2. Clay Ramsey says:

    Frank Plantan:

    For the first part, yeah, that’s pretty much been the de-facto situation ever since Clinton shot off her big mouth about 7 years ago trying to act tough. She doesn’t know there is a difference between being tough and just being an asshole. For the second part, no. That may have been somewhat true 30 or 40 years ago, but for the last 20 years or so, not really. This is 2016, that artillery can be targeted and hit faster than it can shoot. If they shoot, their location is known, if they don’t pack up and leave immediately, they’re hit. If they do move, they can’t shoot and are still exposed and vulnerable. It’s hopeless. RoK and US literally spend more each year protecting against it than the cost would be to endure the attack. They may inflict maybe $100 million in damage on Seoul, or if they get really lucky up to a Billion, but that’s chicken feed compared to what they already are spending. Hostage? Maybe a little, but just a little.

  3. It is always refreshing to read an article about North Korean testing (nukes or missiles) that have substantive technical content–kudos to Schilling. I am more concerned about J.Fiery’s calls to shot down these missiles–which may happen the minute they begin to cross over into Japanese airspace or on trajectory to do so, but prior to that this will be considered an aggression or act of war by the North Koreans (keep in mind that they don’t subscribe to the global norm on any of this). The reason we haven’t shot them down yet, or made a preemptive strike on Yongbang or other nuclear sites is that Seoul remains a hostage. It will be one thing if NK starts a war, but another if we provoke action that will harm one of the US’s closest allies on the planet and endanger millions.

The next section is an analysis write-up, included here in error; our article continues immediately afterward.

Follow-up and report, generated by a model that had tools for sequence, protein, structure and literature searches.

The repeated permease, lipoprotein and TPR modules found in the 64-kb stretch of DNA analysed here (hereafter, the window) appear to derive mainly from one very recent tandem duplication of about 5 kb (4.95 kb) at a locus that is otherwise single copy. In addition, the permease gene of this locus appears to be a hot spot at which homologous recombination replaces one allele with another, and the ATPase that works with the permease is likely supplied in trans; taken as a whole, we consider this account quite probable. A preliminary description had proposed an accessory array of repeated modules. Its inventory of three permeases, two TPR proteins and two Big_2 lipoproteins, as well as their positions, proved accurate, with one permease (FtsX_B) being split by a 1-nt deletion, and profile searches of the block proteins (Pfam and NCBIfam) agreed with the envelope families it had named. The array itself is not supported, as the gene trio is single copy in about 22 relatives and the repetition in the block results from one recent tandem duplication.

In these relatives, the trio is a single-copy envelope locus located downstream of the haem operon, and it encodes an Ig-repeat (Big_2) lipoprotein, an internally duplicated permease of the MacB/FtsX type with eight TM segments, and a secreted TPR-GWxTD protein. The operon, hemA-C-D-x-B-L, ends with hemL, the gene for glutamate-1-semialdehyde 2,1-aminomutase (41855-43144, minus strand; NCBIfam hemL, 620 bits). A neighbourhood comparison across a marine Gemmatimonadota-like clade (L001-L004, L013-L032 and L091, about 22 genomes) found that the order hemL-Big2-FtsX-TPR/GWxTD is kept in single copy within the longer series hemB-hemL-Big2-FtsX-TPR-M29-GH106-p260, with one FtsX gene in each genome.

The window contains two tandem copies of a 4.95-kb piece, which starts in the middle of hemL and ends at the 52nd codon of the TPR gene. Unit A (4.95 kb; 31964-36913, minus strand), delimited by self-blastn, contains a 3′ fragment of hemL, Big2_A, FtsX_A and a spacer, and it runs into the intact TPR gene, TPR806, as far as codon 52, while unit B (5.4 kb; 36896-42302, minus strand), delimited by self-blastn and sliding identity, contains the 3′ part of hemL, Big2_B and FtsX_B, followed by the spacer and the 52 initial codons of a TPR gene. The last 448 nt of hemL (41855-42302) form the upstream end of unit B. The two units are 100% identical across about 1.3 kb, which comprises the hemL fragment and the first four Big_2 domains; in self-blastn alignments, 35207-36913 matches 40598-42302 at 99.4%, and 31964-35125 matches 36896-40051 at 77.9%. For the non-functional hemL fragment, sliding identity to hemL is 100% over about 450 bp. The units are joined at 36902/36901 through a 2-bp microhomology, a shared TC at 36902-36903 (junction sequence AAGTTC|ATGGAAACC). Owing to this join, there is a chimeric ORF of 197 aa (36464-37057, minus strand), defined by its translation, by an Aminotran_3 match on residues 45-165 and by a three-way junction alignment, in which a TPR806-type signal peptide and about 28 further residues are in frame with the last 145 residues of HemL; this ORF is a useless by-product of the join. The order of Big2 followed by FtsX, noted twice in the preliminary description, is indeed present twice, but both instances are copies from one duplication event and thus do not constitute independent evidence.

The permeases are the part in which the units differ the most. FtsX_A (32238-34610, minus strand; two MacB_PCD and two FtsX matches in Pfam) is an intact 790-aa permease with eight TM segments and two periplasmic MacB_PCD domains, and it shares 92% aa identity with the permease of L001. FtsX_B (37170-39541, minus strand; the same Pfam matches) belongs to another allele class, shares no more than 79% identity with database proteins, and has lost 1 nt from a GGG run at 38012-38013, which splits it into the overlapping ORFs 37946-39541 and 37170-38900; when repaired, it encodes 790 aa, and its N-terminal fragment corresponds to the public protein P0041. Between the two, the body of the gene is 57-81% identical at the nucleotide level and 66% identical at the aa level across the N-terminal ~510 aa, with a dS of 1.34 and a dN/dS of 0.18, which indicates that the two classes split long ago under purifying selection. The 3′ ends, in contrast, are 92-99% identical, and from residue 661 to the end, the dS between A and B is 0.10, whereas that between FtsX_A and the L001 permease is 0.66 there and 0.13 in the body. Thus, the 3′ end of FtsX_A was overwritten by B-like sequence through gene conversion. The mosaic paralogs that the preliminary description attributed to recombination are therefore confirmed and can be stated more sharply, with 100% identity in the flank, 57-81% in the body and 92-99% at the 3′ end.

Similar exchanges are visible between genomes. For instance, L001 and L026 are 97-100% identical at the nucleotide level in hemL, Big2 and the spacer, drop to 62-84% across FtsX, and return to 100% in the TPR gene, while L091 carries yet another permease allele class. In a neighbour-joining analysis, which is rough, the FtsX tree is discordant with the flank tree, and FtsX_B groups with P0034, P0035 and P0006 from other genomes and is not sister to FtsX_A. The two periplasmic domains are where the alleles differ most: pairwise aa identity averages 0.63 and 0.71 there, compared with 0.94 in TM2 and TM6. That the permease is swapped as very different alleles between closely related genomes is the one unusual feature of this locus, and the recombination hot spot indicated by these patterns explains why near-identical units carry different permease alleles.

4. Clay Ramsey says:

    J. Fiery:

    They *could* do all those those things, I guess the decisions have been made not to. I’d say that if any projectile were fired along a trajectory that was a threat, it would be targeted.

  5. Clay Ramsey says:

    Rats. Below I said ‘left vernier’, I meant ‘right’.

  6. Steven Hayden says:

    If the Apogee was 1,413 kilometers then at Terminal velocity in falling the rocket had at least 5,200 plus meters second by my rapid rough calculations .This calculation ignored air resistance in atmosphere since it affects only last 50 km in fall. The calculations used gravity as a constant not a variable. The calculations did not include forward movement 400 kilometers over about 600 seconds……..What is calculated max velocity for this rocket when hitting reentering atmosphere?